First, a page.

Reading at Sticklepath

Reading is a key part of a child's education

In Reception and KS1, the first steps towards reading are taken; decoding text in order to make sense of it independently. An important part of this process is their daily phonics lesson based on the Letters and Sounds Approach - how to read and write words by breaking them down into their individual sounds (not letters). 


During phonics, children will rehearse reading words that contain the sound that they are currently learning and will also learn to read ‘tricky words’ - words that cannot be read phonetically e.g. said, the. When children start school in Reception, they will start learning to read by sharing a book 1:1 with an adult. Once they are able to follow text they will then usually read in a guided reading group with several other children. This gives them the opportunity to develop early comprehension skills alongside their new decoding knowledge.

This guided reading format continues throughout the whole school; each child will take part in a guided session each week, led by a teacher or a teaching assistant. In addition to this, some children will read 1:1 or 2:1 with a teaching assistant or volunteer helper. The number of times a week that this takes place depends on the needs of the individual child.


This will be recorded in the child’s reading diary and also logged in class. The children’s reading learning journey begins with books that have very few words in them, and are in the lilac book band. Children are carefully assessed at each book band, ensuring that their decoding and comprehension skills are strong enough for them to move to the next coloured band. If they still have progress to make within the same coloured band, they will remain there until they are ready to move on. This ensures that each child is reading a book from which they can learn the most, in every reading session. The book bands start at lilac level (pre‐reading) and finishes at navy. After this then they are regarded as ‘free readers.’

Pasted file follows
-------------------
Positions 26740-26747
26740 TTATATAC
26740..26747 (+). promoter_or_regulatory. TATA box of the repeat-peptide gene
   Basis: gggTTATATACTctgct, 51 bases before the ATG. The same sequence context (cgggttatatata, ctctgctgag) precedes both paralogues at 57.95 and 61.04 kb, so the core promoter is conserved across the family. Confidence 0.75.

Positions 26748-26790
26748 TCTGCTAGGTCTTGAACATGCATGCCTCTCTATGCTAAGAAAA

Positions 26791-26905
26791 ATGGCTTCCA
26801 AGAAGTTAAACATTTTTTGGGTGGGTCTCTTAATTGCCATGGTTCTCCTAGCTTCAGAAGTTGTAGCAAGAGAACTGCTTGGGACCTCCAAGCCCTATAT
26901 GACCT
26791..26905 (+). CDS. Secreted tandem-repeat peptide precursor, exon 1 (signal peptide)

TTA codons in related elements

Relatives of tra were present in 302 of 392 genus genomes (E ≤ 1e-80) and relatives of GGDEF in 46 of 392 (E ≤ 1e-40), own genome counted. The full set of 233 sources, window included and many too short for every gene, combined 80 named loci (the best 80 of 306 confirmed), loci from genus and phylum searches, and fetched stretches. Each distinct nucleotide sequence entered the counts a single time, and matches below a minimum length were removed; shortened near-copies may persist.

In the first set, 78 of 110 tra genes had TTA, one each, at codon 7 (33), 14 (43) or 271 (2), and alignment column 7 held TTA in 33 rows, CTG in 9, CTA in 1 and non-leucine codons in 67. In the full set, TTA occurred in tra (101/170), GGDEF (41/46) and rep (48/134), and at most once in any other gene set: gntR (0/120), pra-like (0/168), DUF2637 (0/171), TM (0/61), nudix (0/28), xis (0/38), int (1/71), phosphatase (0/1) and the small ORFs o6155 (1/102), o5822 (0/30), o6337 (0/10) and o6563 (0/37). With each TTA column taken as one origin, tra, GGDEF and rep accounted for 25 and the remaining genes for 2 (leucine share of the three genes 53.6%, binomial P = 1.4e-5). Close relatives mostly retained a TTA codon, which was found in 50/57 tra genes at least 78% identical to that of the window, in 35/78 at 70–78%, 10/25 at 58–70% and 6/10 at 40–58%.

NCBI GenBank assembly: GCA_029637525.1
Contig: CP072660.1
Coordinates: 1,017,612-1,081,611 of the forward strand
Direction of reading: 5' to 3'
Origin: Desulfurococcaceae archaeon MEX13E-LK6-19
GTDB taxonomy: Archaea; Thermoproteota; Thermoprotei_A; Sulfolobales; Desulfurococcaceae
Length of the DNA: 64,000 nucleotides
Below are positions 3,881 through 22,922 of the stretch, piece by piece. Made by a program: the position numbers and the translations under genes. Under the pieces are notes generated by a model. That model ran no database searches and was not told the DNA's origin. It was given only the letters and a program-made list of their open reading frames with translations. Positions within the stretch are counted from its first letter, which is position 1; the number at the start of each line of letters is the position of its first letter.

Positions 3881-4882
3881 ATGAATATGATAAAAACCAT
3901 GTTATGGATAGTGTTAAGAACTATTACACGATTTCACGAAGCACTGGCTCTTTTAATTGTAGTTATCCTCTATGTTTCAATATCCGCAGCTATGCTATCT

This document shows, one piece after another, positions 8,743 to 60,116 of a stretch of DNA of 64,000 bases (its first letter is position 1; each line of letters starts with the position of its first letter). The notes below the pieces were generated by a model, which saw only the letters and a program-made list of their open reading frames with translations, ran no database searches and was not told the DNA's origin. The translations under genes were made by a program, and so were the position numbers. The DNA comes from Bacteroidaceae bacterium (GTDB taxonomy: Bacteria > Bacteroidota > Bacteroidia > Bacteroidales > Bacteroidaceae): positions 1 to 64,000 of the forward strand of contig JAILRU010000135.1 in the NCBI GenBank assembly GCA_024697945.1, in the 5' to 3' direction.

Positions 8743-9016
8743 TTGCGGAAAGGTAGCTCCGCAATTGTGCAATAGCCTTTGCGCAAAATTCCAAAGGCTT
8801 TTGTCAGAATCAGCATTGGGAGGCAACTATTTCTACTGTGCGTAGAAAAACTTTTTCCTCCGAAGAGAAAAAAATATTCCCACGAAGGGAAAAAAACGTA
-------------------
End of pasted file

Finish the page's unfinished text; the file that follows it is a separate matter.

As each child progresses through the school, so the books that they read will become increasingly challenging, until they are able to decode the huge majority of words that they will meet. At this stage the focus is almost totally on fully comprehending the text; this might be individual words, phrases, chapters or even comparing two complete texts. In order to really stretch these independent decoders, reading is taught through guided reading as part of a group. Discussions are initially led by the teacher, although children increasingly adopt this role as they become older.  

Children are encouraged to read at home as much as possible! Those children who read daily usually do make much quicker progress than those who do not. In KS1 there are baskets of banded books in each classroom which the children may take home. Across the whole school every child is encouraged to take home two books from the school library. Even when a child is a fluent decoder, it is still important for them to read aloud to a parent and discuss the text, checking their understanding and making links with the world around them. In this way, each child makes as much progress as possible and becomes the best reader that they can be.